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How do you Calculate Tongue Weight? (RV Towing FAQs)

How do you Calculate Tongue Weight? (RV Towing FAQs)

When you are making your first forays into the world of RVing, many things are expected to be unknown to you, it is the nature of being a novice. Some of those things are very important for the safety of towing a trailer, such as how to calculate tongue weight.

So, how exactly do you calculate tongue weight?

Appropriate tongue weight is very easy to calculate, it should be 10% to 15% of your gross trailer weight (GTW). However, to get the actual tongue weight of your trailer, you will have to measure it using a commercial scale, tongue weight scale or even a bathroom scale is an option.

There are several ways to go about this, but before that, let’s cover what is the tongue weight and why it is important.

Definition of Tongue Weight

Tongue weight is the part of the trailer’s weight that is directly carried by the tongue of your towing vehicle. When two vehicles are connected to each other by hitch, you can think of them as if the trailer is leaning on the towing vehicle. Just like when someone is leaning on you, physically, part of the weight is transferred to the towing vehicle.

This weight is different from the pin weight, and it is a characteristic of trailers that are towed by a conventional hitch. While the pin weight is a characteristic of the 5th wheel trailers. But on the other hand, both of these can be called hitch weight, because while these trailers use different types of them, they are still types of hitches.

Tongue Weight Importance

Tongue weight is important to know for two reasons:

  • towing safety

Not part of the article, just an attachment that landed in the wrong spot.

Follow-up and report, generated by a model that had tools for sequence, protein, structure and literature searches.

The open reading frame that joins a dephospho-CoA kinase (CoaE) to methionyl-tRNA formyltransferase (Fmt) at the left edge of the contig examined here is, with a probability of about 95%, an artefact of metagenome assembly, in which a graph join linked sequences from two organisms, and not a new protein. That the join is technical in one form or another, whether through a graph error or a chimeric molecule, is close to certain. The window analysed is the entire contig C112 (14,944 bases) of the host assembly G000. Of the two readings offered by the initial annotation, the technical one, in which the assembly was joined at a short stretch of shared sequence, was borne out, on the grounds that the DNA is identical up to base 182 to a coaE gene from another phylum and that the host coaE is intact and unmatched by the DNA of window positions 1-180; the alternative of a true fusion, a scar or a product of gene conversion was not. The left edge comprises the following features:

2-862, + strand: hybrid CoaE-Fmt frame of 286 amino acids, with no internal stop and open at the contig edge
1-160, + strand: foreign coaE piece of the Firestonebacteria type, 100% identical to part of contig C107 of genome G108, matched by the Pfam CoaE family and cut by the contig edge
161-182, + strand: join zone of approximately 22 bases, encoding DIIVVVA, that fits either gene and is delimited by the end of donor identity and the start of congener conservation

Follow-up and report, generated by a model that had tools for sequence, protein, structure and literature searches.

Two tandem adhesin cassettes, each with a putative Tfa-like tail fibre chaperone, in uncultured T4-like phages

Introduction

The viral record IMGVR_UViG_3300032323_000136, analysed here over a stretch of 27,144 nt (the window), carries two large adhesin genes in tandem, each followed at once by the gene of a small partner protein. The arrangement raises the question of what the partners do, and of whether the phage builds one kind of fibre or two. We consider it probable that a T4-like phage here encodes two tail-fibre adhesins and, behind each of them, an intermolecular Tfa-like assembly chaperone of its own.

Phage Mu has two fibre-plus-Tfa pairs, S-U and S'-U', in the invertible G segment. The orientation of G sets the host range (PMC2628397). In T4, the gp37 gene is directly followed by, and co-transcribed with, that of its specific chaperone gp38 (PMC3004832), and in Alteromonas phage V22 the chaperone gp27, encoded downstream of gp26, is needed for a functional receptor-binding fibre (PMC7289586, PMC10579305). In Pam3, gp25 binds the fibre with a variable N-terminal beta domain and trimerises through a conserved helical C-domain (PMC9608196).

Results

• towing vehicle limits

When you are towing a trailer, you want to do it as safely as possible, so the weight distribution of the trailer should be done properly. There should be more than half of the trailer’s weight in its front half because when isn’t, the trailer can easily start behaving like a pendulum. And calculating the tongue weight will give an estimate of when the weight is properly distributed.


All vehicles have certain towing limits, and they depend on the construction of several of their parts. One of those limits is the maximum tongue weight they can carry. So, knowing the exact tongue weight of a trailer, and in which range it is desirable for it to be, will tell you whether such a trailer can be towed with your vehicle.

10-15% Recommendation

You will see in many places the recommendation for tongue weight to be 10%-15% of the trailer’s weight, and this is not without a reason or some arbitrary number. This number can be achieved only if around 60% of the trailer’s weight is in its front half. If you don’t hit this range, be certain that more than half of the weight is in the back.

Towing is safe when the trailer is front-heavy, granted the towing vehicle puts a limit on how much that should be. Back-heavy trailers behave like pendulums, which is not safe. You could presume that going above 15% of trailer weight on the tongue could be safer, but it is not. Higher percentages will cause the towing vehicle to squat, which makes the front wheel lose traction.